A Lei na Europa começa a ficar particularmente atenta às patentes internacionais e nacionais mas não existe ainda nenhum consenso.
Contudo em outros países como nos Estados Unidos da America este contexto é outro.
Publico aqui um série de referências que podem seguir por esta empresa que publicam dois exemplos – no caso de Africa e no caso da Austrália.
A topic is trending in the world of AI. It’s the question of if AI can now be recognized as an inventor.
Put another way, people are asking, “If a machine develops something novel, can it hold a patent?” Historically, the answer would have been a firm, “No.” But two landmark cases — one in South Africa, the other in Australia — have cast new light on the subject.
An AI-based system has proven that machines can think somewhat independently. And now, teams worldwide want solutions created by AI to be protected under patent law.
AI and copyright law across the world
When describing a solution’s creator, most patent laws refer to them as ‘individuals’ or ‘natural persons,’ leaving no room for AI to be considered the inventor.
The American legal text is a case in point.
U.S. patent law defines an inventor as an ‘individual’ (or individuals) who “…invented or discovered the subject matter of the invention.”
The text continues, “…whoever invents or discovers any new and useful process, machine, manufacture, or composition of matter, or any new and useful improvement thereof, may obtain a patent.”
That’s why — when the United States Patent Office (USPTO) recently reviewed a patent application that stated AI as the inventor, the authority rejected it. Other patent offices have drawn the same conclusion, agreeing that only humans can be inventors.
Can AI be an inventor? South Africa says, ‘Yes.’
When South Africa granted a patent to a “food container based on fractal geometry,” few people paid much attention.
Authorities grant such patents every day. But look closer at the application, and you’ll notice a groundbreaking detail: the designated inventor was not a natural person by any stretch of the imagination.
The ‘mind’ behind the solution was an AI-based system called DABUS.
DABUS stands for Device for the Autonomous Bootstrapping of Unified Sentience. It was built by AI pioneer Dr. Stephen Thaler, who designed the system to mimic human brainstorming and create new inventions.
In broad terms — DABUS is a specialist type of AI known as a ‘creativity machine’ because it can think independently, often in complex ways (as opposed to a smart assistant like Siri whose output is structured).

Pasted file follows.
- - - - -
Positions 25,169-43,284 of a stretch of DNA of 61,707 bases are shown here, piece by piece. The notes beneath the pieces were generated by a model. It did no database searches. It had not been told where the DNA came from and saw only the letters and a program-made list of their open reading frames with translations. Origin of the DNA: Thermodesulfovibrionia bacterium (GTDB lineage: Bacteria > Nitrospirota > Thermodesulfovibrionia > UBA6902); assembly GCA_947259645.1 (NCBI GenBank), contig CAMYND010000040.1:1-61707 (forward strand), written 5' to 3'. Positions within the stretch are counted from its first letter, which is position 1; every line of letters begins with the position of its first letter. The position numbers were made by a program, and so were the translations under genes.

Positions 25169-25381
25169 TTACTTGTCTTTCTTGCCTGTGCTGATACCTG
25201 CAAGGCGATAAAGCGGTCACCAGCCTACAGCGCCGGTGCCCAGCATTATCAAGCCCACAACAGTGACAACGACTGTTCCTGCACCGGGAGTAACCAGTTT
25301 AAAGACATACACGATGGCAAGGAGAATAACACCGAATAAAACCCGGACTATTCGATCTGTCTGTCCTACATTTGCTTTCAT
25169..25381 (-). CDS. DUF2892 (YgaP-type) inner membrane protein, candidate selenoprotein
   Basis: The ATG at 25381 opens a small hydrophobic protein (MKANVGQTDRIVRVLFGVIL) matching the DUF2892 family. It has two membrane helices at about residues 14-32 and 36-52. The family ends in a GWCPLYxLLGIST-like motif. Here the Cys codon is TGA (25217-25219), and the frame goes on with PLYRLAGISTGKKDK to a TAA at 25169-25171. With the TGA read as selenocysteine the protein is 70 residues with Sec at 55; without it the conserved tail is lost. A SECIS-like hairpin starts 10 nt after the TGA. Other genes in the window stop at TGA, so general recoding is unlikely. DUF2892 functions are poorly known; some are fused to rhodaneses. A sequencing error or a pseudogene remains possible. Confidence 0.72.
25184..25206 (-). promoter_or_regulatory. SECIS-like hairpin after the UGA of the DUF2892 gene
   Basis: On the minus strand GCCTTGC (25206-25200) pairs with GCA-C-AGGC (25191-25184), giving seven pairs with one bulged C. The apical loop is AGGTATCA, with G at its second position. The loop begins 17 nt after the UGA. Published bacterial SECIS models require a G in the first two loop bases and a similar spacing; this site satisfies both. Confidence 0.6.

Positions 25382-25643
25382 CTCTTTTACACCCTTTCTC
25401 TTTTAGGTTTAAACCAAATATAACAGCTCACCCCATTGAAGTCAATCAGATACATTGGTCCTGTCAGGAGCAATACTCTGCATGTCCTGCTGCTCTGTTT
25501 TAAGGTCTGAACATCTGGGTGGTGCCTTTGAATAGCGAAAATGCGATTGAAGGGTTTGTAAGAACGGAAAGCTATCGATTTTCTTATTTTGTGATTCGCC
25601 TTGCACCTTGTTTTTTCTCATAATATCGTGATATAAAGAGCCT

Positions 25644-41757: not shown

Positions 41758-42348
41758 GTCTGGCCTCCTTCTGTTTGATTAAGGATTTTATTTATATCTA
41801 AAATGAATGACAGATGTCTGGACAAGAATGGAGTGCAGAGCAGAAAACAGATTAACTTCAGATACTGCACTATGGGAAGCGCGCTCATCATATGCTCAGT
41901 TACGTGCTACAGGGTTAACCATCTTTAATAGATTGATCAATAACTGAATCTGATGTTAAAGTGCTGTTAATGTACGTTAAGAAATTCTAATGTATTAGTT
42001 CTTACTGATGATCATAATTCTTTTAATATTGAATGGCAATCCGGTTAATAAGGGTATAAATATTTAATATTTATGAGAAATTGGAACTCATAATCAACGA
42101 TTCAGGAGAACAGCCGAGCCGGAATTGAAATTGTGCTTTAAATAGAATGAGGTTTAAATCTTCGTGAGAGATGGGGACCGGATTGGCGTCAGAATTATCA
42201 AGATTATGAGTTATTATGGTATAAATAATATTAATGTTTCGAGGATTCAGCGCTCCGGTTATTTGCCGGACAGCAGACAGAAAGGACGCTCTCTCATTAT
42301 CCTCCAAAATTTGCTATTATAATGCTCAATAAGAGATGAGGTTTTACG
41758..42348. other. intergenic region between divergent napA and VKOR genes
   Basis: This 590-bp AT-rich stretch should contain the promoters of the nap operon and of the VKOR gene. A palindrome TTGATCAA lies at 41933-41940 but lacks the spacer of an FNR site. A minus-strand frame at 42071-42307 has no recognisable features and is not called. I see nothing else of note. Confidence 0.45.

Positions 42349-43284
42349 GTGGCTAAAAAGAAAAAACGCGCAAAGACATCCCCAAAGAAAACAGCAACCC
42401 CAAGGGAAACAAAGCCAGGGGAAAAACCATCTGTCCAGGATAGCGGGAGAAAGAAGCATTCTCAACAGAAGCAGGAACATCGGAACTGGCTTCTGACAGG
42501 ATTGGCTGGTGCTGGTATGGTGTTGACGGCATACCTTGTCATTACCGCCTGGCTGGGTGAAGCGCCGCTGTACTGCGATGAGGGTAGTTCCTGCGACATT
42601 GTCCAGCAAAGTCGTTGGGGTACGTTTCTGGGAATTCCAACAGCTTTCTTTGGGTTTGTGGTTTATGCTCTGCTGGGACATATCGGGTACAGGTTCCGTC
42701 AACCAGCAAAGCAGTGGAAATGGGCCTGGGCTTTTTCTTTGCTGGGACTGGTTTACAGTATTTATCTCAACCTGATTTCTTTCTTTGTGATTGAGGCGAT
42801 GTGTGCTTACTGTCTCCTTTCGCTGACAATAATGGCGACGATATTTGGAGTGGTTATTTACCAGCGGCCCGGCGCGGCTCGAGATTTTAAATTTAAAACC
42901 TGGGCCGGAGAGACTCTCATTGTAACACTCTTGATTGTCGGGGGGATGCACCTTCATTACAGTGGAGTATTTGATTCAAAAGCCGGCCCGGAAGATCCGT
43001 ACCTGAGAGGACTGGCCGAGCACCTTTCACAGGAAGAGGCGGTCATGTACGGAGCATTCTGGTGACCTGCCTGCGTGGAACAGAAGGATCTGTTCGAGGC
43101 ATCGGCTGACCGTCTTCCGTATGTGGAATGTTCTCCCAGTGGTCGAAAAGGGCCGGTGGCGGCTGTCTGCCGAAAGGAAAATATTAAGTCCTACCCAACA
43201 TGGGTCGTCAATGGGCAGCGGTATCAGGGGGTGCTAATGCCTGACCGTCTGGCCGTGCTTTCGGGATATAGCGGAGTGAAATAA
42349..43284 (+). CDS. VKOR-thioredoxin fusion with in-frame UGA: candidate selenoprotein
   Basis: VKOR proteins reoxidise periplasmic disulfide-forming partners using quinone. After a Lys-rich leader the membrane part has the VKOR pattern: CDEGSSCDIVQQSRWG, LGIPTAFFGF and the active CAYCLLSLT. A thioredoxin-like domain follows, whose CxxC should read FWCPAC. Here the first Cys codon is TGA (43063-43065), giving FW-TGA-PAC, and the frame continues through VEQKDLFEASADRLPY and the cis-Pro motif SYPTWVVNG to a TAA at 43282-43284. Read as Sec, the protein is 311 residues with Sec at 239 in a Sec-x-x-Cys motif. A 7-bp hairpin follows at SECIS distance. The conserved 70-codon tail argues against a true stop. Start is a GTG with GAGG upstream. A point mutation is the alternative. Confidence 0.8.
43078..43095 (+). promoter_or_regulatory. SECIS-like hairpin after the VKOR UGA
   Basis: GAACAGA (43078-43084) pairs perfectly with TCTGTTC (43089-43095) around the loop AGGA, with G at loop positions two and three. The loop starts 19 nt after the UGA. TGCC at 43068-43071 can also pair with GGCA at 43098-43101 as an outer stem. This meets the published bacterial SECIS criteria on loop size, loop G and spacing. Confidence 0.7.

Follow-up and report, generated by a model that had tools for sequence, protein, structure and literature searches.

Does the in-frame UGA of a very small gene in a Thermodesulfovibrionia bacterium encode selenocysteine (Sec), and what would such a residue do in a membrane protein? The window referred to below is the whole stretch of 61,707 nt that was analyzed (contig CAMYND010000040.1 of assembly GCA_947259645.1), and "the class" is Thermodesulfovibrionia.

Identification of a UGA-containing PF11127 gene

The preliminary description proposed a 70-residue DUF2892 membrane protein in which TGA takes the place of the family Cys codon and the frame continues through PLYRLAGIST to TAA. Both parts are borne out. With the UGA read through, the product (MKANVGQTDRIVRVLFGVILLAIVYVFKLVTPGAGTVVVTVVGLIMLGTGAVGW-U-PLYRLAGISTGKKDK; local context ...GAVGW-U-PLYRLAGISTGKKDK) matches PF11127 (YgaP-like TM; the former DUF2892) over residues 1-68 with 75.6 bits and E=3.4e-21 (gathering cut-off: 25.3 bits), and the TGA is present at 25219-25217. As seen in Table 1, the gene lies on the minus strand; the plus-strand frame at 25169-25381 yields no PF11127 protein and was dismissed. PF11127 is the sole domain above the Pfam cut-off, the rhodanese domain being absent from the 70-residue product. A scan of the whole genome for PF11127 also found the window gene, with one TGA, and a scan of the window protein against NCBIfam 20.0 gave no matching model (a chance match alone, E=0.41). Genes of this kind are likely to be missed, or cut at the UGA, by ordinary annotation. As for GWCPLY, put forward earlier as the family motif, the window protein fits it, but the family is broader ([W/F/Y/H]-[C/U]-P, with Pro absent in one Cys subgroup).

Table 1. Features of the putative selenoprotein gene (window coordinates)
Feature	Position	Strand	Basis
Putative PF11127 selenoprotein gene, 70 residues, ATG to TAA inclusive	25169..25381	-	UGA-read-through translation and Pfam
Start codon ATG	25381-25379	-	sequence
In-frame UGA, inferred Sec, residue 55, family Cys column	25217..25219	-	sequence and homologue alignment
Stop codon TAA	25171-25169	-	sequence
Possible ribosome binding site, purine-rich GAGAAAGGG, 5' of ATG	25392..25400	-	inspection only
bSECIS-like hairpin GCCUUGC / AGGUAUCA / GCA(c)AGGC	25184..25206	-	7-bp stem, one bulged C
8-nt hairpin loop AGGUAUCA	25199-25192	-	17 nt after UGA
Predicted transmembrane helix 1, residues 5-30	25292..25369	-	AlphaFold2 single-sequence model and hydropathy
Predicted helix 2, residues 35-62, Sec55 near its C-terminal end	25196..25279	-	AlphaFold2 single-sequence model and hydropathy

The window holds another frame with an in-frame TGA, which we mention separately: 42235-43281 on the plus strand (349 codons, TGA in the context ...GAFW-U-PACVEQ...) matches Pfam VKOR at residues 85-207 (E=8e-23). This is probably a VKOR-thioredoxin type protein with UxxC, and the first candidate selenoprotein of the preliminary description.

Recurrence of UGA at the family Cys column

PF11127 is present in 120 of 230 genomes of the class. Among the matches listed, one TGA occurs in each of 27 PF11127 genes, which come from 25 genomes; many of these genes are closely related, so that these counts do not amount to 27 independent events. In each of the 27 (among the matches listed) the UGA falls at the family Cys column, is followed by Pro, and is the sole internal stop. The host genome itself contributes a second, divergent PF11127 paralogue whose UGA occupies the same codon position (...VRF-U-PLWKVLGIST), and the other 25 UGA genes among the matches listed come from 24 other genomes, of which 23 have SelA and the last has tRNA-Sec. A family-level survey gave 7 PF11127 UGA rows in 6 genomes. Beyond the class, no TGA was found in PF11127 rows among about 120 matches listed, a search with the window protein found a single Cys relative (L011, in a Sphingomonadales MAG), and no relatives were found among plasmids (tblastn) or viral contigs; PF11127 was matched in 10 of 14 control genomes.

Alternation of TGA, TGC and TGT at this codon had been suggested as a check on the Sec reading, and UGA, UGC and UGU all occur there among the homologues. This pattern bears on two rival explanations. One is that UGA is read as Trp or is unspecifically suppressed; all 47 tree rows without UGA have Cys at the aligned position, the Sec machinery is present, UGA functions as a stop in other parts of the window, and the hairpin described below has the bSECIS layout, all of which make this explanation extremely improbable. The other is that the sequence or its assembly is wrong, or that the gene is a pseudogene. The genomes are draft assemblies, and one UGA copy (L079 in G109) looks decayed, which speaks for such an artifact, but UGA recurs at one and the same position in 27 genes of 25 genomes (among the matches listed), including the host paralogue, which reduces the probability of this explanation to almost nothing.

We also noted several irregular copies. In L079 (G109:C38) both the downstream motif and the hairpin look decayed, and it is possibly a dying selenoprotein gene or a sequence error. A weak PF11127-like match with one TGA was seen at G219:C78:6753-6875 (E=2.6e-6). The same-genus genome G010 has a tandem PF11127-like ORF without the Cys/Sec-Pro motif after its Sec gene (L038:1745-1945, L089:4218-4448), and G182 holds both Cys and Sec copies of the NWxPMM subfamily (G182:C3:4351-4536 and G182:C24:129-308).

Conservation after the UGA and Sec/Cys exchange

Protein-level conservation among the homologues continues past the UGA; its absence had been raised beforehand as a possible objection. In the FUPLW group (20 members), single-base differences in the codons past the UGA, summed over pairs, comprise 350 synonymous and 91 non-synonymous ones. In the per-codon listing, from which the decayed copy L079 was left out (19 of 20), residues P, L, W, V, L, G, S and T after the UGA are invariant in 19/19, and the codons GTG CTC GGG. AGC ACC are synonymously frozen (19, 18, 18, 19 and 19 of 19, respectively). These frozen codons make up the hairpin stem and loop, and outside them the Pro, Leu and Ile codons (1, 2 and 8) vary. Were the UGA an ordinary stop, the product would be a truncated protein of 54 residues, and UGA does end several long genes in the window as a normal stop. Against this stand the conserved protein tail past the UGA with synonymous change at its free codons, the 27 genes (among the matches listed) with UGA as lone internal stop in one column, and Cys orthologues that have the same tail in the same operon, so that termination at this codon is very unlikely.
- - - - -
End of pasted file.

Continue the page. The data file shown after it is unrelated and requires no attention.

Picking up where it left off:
Still, while DABUS can think independently, there’s no hiding from the fact that it is artificial intelligence. Which is why the United States and Europe disagreed with South Africa then they rejected its patent application outright.
That said, a run of events in Australia underlines the complexity of the issue.
The Australian Commissioner of Patents initially rejected the DABUS application on the grounds that ‘an AI system cannot be considered an inventor on an Australian patent.’
However, a Federal Court judge overturned this determination.
Judge Beach deemed the Commissioner’s interpretation of an inventor as ‘too narrowly applied’ because, in his view, an inventor can be ‘anything that invents.’ So — for the time being, AI can be recognized as an inventor in Australia too.
But specialists expect a backlash against Judge Beach’s decision, which leads us to a final question.
Should an AI system be recognized as an inventor?
Whether AI ‘can’ or ‘should’ be recognized as an inventor are two very different questions, so let’s end by exploring the nuance.
In the age of machine learning, where humans can program systems to process and analyze swathes of data before letting them work independently, there’s an argument that says ‘Yes, AI can be an inventor.’
But recognizing AI as such opens up a number of challenges.
You see — under U.S. patent law, an inventor can transfer the application right to a separate party by a signed agreement. Meaning if we deem AI as an eligible inventor, then we must also deem AI as an eligible applicant, which stretches the imagination.
That’s why the U.S. patent office asked Dr. Thaler to mark himself down as the inventor, if only for the purpose of this application. And while you might think that sounds like the sensible way forward, the solution is not as practical as it sounds.
Had Dr. Thaler taken ownership of the patent, he could also be seen as the inventor of DABUS’ subsequent creations.
At least, in the eyes of patent law.
Meaning that future users would be reluctant to train DABUS further for fear of having no claim to its next creations.
And that would stifle progress. So — given that AI did devise this food container entirely independently, Dr. Thaler felt it was an opportunity to push authorities to review existing patent law in the hope of fostering a more innovative environment.
And on that front, we wholeheartedly agree.
The time is now to rewrite patent law
While DABUS has shone a light on the constraints of existing patent laws, we’re still some way away from AI inventing on a daily basis.
Moreover, artificial intelligence is not yet smart enough to create ‘novelty’ as described in existing legal texts. But with capabilities fast improving, it won’t be long before AI becomes one of the world’s leading innovators.
That’s why lawmakers need to update legal texts as soon as possible. The rest of us need to know if AI can be an inventor in its own right.